“After tracking fuel usage in machinery over the last 10 years, we’ve found the fuel efficiency – primarily diesel fuel – today is about 15% to 20% better than what it was a decade ago. This lowers our greenhouse gas emissions and contributes to air quality improvement. Everything we operate runs using a biofuel, either biodiesel or ethanol blend of gasoline.

“New technology helps us in our pesticide efficiency as well. We’re incorporating more crop scouting, drones and infrared satellite technology in our operation to be more prescriptive. With the rising costs of inputs, we use more economic threshold determination to find out if the pest, weed, or insect presence is high enough to harm crop yield enough to return and use a pesticide.”

Ruhland: “When talking on-farm technologies to improve efficiency and protect the planet, what are your thoughts on innovation in technology, the importance of research and what it allows us to do?”

Anderson: “Research is a big word with a huge set of background types. One fits under the category of market research. We listen to farmers, end users and everyone up and down the value chain to understand where basic and applied research can fit best to provide the solutions and innovations that continuously improve what others are doing. In terms of opportunities, the areas of research we hear about most are directed at ensuring our farmers are producing the highest quality, highest yielding, most nutritious soybeans and soybean products in the most sustainable way.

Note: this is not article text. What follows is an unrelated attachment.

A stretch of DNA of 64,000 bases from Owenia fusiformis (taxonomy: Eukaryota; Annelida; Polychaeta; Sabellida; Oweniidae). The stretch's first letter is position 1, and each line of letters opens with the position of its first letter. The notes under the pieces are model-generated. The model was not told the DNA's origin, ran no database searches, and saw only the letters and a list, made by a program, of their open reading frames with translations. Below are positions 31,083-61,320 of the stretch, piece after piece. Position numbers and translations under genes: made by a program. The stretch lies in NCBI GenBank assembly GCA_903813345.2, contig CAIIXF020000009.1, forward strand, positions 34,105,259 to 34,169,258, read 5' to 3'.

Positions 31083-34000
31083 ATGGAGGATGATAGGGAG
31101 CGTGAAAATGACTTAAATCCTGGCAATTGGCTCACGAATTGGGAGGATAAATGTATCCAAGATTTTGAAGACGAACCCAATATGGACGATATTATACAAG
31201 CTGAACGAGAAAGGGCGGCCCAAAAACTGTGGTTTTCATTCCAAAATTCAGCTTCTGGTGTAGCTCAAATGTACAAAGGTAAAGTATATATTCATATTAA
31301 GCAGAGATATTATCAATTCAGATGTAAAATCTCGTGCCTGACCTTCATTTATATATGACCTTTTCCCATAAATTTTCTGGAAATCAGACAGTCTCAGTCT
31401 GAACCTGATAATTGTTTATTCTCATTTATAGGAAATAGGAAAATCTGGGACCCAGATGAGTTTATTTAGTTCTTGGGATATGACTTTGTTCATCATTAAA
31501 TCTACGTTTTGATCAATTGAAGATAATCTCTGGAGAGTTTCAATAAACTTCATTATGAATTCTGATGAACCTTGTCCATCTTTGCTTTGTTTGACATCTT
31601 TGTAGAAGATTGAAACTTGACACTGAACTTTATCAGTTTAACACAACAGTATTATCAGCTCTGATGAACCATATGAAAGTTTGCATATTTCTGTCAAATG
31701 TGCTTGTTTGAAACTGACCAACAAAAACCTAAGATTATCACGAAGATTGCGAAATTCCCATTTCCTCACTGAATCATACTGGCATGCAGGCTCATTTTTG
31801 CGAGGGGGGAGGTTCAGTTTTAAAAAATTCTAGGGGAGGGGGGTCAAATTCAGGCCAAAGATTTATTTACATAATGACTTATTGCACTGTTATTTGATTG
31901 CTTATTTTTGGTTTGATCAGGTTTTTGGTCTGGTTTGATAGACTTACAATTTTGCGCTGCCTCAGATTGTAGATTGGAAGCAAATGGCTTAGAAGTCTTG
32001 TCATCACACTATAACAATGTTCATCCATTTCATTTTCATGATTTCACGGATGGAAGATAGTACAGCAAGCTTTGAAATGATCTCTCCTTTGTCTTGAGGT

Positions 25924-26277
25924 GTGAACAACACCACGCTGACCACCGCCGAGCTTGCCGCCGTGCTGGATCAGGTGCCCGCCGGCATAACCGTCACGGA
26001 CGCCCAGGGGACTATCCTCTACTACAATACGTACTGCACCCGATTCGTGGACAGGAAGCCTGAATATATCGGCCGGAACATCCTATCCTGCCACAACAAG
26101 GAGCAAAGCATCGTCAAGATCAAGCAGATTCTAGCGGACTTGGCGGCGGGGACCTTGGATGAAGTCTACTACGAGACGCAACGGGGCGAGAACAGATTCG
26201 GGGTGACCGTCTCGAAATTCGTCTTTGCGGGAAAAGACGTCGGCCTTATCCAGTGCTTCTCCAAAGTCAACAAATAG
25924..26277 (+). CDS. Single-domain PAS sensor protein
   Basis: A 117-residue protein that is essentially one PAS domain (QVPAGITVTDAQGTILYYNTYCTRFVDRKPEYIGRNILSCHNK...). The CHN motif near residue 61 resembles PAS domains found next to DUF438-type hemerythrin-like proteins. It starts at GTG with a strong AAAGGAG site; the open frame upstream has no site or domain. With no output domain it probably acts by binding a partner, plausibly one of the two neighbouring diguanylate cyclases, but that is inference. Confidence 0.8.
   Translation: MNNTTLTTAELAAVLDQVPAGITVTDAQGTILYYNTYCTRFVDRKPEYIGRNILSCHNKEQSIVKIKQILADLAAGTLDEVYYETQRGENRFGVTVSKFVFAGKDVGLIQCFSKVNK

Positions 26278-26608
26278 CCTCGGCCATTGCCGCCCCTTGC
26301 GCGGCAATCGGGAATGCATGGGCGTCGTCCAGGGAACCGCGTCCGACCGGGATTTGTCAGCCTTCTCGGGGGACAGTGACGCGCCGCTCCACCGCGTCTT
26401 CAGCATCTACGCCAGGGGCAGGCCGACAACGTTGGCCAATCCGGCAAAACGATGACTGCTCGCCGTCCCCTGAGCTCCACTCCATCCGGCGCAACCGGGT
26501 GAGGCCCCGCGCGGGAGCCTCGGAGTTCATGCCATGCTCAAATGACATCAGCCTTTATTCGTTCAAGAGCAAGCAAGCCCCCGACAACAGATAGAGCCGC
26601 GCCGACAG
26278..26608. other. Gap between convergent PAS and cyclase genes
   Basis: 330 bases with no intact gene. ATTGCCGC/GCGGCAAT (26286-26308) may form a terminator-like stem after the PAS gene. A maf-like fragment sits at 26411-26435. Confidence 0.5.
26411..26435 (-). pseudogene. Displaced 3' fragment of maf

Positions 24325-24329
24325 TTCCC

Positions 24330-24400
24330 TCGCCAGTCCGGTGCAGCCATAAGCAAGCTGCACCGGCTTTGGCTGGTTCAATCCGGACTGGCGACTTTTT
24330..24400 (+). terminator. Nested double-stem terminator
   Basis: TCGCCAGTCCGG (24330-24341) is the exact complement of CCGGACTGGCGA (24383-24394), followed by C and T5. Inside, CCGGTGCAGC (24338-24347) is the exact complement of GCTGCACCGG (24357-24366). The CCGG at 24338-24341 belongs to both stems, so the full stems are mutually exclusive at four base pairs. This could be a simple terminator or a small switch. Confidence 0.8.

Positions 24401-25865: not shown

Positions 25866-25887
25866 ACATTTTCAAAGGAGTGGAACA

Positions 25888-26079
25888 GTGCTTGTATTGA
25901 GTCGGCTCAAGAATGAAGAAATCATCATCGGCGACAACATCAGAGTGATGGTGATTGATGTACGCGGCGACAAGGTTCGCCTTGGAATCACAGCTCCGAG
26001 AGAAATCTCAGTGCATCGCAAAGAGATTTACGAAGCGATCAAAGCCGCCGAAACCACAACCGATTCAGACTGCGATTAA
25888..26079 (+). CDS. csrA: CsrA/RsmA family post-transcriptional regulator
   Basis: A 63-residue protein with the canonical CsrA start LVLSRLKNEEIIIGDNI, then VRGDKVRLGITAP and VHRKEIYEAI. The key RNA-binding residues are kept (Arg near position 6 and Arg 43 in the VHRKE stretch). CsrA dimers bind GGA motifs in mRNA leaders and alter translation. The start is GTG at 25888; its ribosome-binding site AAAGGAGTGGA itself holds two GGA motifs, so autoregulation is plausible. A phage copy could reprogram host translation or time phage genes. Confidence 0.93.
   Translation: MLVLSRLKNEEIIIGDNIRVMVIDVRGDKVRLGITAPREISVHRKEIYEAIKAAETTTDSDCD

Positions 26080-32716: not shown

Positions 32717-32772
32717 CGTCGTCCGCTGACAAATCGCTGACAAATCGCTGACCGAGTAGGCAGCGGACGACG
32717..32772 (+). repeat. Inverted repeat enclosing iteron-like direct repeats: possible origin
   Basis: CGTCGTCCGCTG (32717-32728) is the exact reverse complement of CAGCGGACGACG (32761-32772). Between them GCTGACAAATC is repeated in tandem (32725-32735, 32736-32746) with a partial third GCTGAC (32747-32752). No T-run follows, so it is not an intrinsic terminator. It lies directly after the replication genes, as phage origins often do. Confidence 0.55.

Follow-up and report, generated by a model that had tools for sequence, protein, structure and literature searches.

“If you think about research (e.g., genetics, biotechnology, engineering, computer science) all of these things can come together to help U.S. farmers be better at sustainable production and use of resources. Specifically, we’re very interested in technology (e.g., chemical, biochemical, biological, artificial intelligence) that help farmers be as precise and prescriptive with inputs as possible. We’re also interested in planting the best genetics that provide the most high-quality feed for whatever market they are feeding – livestock, aquaculture, pets and more. On the food side, we’re trying to connect the end users and the customers at the end of value chain with the farmers and researchers upstream who can provide tweaks biologically, biotechnologically and genetically through breeding programs.

“Our farmers and our researchers have a shared passion for what the end use will be of the soybeans coming off any given acre, where those markets are, and how to provide for those needs. Research spans a big space, but we always try to understand where the needs and opportunities are of farmers today. This includes farmers who are leading these areas, as well as farmers who have opportunities to learn more and continuously improve their programs.”

Ruhland: “The fragility of human populations is something we’re always considering in the soy community. Thinking about the enormous task of providing accessible protein for the world, where do you start? How do we ensure appropriate technologies and availability of protein are shared?”